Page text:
/takes deep breath

Mr. Sussman. How on EARTH can you try to defend Vanilla Ice? You had no problem claiming 50 Cent has this anti-music evil commerical empire agenda going on, or dismissing the relevance of 2 Live Crew in hip hop, but you feel it necessary to defend VANILLA FUCKING ICE? Please. Continue.
But back in 1990, this song pretty much took on a life of its own and would go on to be one of the more hated songs in hip-hop history.
"Pretty much took on a life of its own?" What's that even supposed to mean, in this context? It's pop music. That's sorta how it works. You market a song, put it out on the radio and if you're lucky it "takes a life of its own" and gets popular. Pop. Music. Popular. Music. Savvy? As for it becoming one of the more hated songs in hip-hop history? Give me one good fucking reason it doesn't deserve to be hated. This dude was fucking corny as all get out, the lyrics suck (I frankly don't care that you and all your boys from high school would TOTALLY scream every word at all the semis after getting drunk on wine coolers), and HE BLATANTLY STEALS FROM A DAVID BOWIE SONG AND TRIES TO PASS IT OFF AS A DIFFERENT SONG. This is a HUGE reason that sampling has been underrated as an art form, because of dipshits like this going on TV and saying "mines is like 'ding ding ding dingading ding,' while his is all 'ding ding ding dingdingding ding,' so it's like totes diff."
It’s kinda sad that this man had no control of how people in the hip-hop community would react to the popularity of this record.
It's kinda sad you likely got paid to make this list, Dustin.

7. "Too Legit To Quit" - MC Hammer

Christ. I feel like we're 10,000 words into this bitch and I've covered three fucking songs. Whatever. Onward!
I can’t deny that “Addams Groove” was a worse song than “Too Legit,”
Then why did you choose 2 Legit? Addams Groove was a worse song, and it was (as far as I can remember) the first time a rap song was written for and about a movie, which began a really terrible string of cross-marketing rap songs (most notably terrible would include Wild Wild West and the Rugrats Rap Song, which I still can't decide is the worst or best thing created by humans to date). That would've been something you could argue helped "kill" hip hop. But no. You decided to go with 2 Legit 2 Quit. Explain yourself, young man.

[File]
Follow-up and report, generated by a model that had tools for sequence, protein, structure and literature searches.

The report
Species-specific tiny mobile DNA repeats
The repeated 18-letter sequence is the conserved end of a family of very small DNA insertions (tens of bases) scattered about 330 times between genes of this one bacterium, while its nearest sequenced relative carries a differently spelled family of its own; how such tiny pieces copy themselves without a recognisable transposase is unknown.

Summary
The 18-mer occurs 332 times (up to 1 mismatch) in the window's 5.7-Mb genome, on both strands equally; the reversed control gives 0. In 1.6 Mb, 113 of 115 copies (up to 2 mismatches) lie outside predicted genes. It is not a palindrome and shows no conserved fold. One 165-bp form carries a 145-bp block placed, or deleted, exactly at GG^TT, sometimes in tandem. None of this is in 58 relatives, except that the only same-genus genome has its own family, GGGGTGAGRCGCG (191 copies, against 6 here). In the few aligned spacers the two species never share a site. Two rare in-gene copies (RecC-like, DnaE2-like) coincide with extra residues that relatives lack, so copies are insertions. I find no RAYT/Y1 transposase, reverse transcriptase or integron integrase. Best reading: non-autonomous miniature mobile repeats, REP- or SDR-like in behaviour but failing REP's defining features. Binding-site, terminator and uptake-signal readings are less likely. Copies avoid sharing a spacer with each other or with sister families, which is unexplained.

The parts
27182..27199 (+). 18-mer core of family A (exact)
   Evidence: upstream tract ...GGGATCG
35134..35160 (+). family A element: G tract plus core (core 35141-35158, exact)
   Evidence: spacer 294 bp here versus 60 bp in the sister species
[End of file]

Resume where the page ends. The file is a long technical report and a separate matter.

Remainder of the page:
Hammer’s first single off his 1991 LP seemed to almost flush the entire hip-hop/rap scene down the crapper.
How, exactly?
The size and scope of “Too Legit” helped push Hammer even further away from his musical roots in Oakland
The roots that were apparently healthy and full of "realness" when he dropped "Can't Touch This" lookin likethis?
If it wasn’t for The Chronic, I don’t know what I would have done with myself.

By the way: 2 Legit 2 Quit was released in 1991. The Chronic was released in 1995. So way to completely make up an anecdote to make yourself seem cool.

Such a douche.

6. "Gettin' Jiggy wit It" - Will Smith
I give Will Smith credit for making clean hip hop for the masses, but when Big Willie Style dropped in 1997 I had honestly had enough.
Me too, dsucksman. Wow, maybe we would be friends if we met each other. Now how did this help to "kill" hip hop?
It was like a hip-hop covers record from start to finish.
Okaaaaaay...and this helped kill hip hop becaaaaauuuse...



"Just the Two of Us"? Fresh Prince, please.
dsucksman, this is not a "Top 10 Hip Hop Songs That I Personally Don't Care For," it's a list that...you know what? Forget it. Just...forget it.

to be continued...

1 comment:

  1. I've decided: The Rugrats Rap Song is without a doubt the Best with a capital B thing created by humans to date.